Posted tagged ‘localization’

Local Food Scene (II)

August 1, 2009

I spent a couple of hours yesterday doing what my father used to call “pearl diving”. Not much at the bottom of that bowl of soapy water but dirty dishes, though. I volunteered to help with the “Friday Mornings@Selma” event that Lisa Gottlieb and Jeff McCabe host in their home weekly. As the recent article in the Ann Arbor Chronicle explained, they have regularized their legal position by linking with Slow Food Huron Valley, a 501(c)(3) organization, so can collect donations for the breakfasts they serve to an eager multitude (recent weeks have seen as many as 120 people at their table through the morning).

I’ve sat at that table a couple of times in the past.  It is the place to be for meeting people involved in the local food movement. Matt Grocoff, whose main expertise is in green energy for the home, was next to me last time I attended. He has gained some celebrity because of his backyard chickens (he taught a workshop on backyard chickens as part of the Transition Ann Arbor Reskilling Workshop).  Kim Bayer,  Slow Food officer and food blogger is a regular (she is now doing a podcast).  Local food bloggers “rule” at Selma, actually – volunteering as well as eating.  Bayer was recently a guest chef and Shana of Gastronomical Three often coordinates volunteers.  This week, Jen of A2eatwrite was on the waffle detail.  Her Local Love Fridays is now a feature of AnnArbor.com.  And the matriarch of local food bloggers – “Mom” of “Mother’s Kitchen” tries never to miss a Friday Mornings@Selma on her way to work.  Mom or “MK” is now organizing a canned good production project for Selma.  This week I met Jane Pacheco, the director of Chelsea Community Kitchen (a collective effort to have a commercial kitchen where local growers and cooks can make products that can be sold legally).  There are others, from neighbors to UM students to organizers of the Homegrown Festival.  It is always a lively conversation, and always there is much to be learned.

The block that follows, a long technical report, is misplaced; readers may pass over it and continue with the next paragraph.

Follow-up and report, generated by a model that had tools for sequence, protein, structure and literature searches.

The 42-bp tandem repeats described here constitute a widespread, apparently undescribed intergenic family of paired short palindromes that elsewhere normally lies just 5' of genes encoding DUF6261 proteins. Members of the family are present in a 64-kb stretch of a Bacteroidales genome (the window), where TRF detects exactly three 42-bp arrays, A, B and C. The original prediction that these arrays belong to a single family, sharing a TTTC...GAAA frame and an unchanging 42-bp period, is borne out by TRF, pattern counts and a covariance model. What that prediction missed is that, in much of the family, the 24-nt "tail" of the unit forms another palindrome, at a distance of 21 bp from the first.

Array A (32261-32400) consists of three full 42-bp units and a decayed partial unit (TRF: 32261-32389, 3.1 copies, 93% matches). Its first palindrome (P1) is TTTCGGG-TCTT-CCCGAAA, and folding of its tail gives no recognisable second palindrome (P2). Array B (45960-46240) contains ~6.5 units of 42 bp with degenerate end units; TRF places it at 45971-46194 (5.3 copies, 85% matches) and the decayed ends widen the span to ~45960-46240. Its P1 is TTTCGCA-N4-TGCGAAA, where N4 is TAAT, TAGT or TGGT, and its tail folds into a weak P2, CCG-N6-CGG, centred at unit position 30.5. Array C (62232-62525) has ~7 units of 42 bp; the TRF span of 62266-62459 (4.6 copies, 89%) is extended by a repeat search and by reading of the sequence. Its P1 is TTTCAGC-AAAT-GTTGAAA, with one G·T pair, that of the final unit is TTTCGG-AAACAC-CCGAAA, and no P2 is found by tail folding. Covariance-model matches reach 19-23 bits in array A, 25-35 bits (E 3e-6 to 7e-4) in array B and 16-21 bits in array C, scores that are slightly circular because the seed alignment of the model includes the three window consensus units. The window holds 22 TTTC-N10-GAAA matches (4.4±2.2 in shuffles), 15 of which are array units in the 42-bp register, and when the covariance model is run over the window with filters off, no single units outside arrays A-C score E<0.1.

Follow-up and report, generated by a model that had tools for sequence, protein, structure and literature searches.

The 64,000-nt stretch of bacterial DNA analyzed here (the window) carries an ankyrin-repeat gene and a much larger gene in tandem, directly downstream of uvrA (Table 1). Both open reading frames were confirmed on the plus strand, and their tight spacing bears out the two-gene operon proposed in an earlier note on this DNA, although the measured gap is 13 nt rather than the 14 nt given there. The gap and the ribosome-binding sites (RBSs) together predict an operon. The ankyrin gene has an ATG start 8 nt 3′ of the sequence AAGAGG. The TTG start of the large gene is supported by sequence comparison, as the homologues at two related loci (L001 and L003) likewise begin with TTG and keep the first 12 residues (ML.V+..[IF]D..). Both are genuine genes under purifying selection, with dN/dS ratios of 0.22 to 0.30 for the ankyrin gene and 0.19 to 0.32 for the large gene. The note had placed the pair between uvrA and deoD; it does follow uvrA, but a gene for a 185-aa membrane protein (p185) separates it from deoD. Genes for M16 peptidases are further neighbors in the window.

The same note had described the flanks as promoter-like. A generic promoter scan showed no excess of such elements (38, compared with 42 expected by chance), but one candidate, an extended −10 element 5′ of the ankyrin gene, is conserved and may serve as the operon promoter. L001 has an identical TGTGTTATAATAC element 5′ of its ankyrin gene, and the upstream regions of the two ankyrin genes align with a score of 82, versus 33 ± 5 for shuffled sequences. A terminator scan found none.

The kitchen is where most people are seated, with a large overflow table in the dining room.  But lots of people sit around the massive wood-topped kitchen island (nearly the size of a small room), while volunteers are working frantically at its other end to send breakfasts out.  There is little formal coordination of volunteers; people can sign up on the website, or calls for help go out by email when a need hasn’t been filled.  Thus, my encounter with the soapy water.   Somehow, it works, like a ballet with people bobbing and weaving as they pass each other on their tasks.   (Chefs, sometimes from well-known restaurants, also volunteer their time and there is usually a “special” or two.)

To some extent, Selma is a good metaphor for the whole local food movement, which is, especially from the outside, chaotic and disorganized.  It has been a matter of a few dedicated people presenting an opportunity to take part in the vision of clean, healthful food prepared by hand – and persuading others to join them.  The movement has bubbled up from the community, rather than coming from institutions.  It mirrors and shares in some of the values of “Transition“, which is also a local movement with national and international referents.  Competence (learning how to grow and prepare food) and values (making choices to focus on local and “sustainably raised” food) are important in both. Other important concepts are community food security (making sure that people in our community have access to fresh healthful food) and localization (building a strong local economy). But to me the important thing is that it is arising spontaneously and locally, through the actions of individuals and self-assembled groups.